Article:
This first half is all about the personal motivations behind Patrick’s professional journey – from studying sports medicine in college to the patient-centered innovations he’s pioneering with American Heart Association today.
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Time: 7 min
So you started your career in healthcare fresh out of college, as an exercise physiologist at St Catherine’s. Can you tell me a bit about what inspired you to go down this path and how that experience drove you towards what you’re doing today?
You know, it all started because I was really interested in sports medicine. I was actually a physical education major in college, in part because I loved the Olympics. My dream was to be training Olympic athletes, so I got my masters in exercise physiology.
I’d never even heard of cardiac rehab, but I was always really interested in cardiovascular fitness, so I took a cardiac rehab internship and very quickly fell in love with it. Now I consider my patients my athletes, and I find it so much more fulfilling because it’s literally life and death as opposed to winning a medal or a game. There’s just so much more at stake.
That’s awesome! So do you see a lot of overlap between how you would coach an athlete and how you train cardiac rehab patients?
Definitely. They have different goals but ultimately it’s the same principles.
I’ve always been an educator. It’s funny, education is kind of the family business. My mother and my wife are both teachers, and my daughter is an education major. So even in exercise physiology, I’ve translated that to where it’s really about coaching, helping, educating, and being a support person for someone as their trying to achieve their goals.
In the context of cardiac rehab, it’s heart health goals, but it could be anything!
Makes sense. So I know in 2009 you founded an organization called “Your Heart Score” – can you tell me a bit about how that got started?
Your Heart Score is really a combination of consulting, writing, and analytics. I started out just doing medical writing – literally ghostwriting articles – and that led me into more comprehensive project based things. Honing in on these key questions like how do we reduce or prevent readmissions in patients with heart failure? How do we get better adoption of healthy behaviors in people with diabetes or hypertension?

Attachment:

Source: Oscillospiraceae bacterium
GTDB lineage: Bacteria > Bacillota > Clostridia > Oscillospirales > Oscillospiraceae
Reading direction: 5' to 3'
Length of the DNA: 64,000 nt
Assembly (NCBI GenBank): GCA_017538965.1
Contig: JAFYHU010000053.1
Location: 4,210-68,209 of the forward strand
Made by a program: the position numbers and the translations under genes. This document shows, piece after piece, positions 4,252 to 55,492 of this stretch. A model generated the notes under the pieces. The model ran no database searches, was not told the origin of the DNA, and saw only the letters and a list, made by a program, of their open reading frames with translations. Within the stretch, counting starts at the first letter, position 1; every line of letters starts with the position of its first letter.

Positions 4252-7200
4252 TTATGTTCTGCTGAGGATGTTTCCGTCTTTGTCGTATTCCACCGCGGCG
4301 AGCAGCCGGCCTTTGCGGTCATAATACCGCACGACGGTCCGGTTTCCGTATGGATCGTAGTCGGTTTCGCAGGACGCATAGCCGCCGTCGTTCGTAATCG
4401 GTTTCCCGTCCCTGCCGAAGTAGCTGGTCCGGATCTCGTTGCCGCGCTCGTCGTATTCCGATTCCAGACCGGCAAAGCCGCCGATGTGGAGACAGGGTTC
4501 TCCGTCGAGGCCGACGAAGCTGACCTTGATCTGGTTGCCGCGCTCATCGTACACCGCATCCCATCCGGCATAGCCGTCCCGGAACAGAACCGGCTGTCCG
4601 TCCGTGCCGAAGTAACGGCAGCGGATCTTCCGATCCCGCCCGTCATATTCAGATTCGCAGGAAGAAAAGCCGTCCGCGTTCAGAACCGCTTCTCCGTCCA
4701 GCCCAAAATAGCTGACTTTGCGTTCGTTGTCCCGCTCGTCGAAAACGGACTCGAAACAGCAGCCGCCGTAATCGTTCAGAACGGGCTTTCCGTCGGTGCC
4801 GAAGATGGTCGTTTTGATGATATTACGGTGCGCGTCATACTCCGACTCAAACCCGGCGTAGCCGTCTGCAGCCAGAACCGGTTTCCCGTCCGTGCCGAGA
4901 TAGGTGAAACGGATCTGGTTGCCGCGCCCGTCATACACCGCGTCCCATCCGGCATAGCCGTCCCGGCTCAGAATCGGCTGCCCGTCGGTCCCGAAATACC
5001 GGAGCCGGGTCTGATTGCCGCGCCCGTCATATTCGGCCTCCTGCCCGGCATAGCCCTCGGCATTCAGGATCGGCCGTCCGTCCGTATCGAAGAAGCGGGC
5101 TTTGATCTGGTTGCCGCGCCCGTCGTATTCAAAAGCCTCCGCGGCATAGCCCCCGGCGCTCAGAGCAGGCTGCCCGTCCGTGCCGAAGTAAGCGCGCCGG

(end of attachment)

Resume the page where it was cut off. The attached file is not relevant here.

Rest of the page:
I almost accidentally ended up with the American Heart Association being a client, which lead me to my current work with the AHA Center for Health Innovation and Technology. It was like, “You have no idea how up my alley all of this is!” …and one thing just led to another.
I also did a lot of work with the American Diabetes Association, several physician groups, and along the way it’s really become the foundation of my health literacy research – really trying to develop better tools and methods for people to better understand their condition and how they live with their condition.
That’s awesome. I’d love to know, as an innovator in healthcare, what would you say are your greatest tools or strategies for cutting through the complexity to affect change and really get things done?
The number one thing for me is that the patient has to be at the center of the equation. Healthcare gets more complicated when you start thinking about other stakeholders, and I believe that if everyone was really focused on the patient it would get less complicated.
Within that, it’s really about engaging that person to be a more active participant. That’s a huge challenge, but you know, we have a lot of challenges – we put a lot of effort into diagnosing things like Atrial Fibrillation, why can’t we put as much effort into how we engage people to make better decisions? Obviously organizations like Pack Health are important in that because it’s a lot of what you do.
The other thing, with my work with the Center for Health Innovation and Technology, is that I think tech and innovation are the future – but it’s not just about the shiny, trendy, new objects. It’s so important to remember that innovation can actually be low tech, but doing things that actually move the needle. Figuring out things that work, whether they be electronic technologies or just a better way to do things can move our system, is essential. We have a long way to go, because we have a lot of technology that hasn’t yielded the results. So there’s still a lot of work to be done, but I’m pretty optimistic that we’re starting to figure this stuff out.
The lens of the educator and study of health literacy are key themes throughout Patrick’s career. Stay tuned for the second half of this conversation, in which we geek out about Patrick’s health literacy research!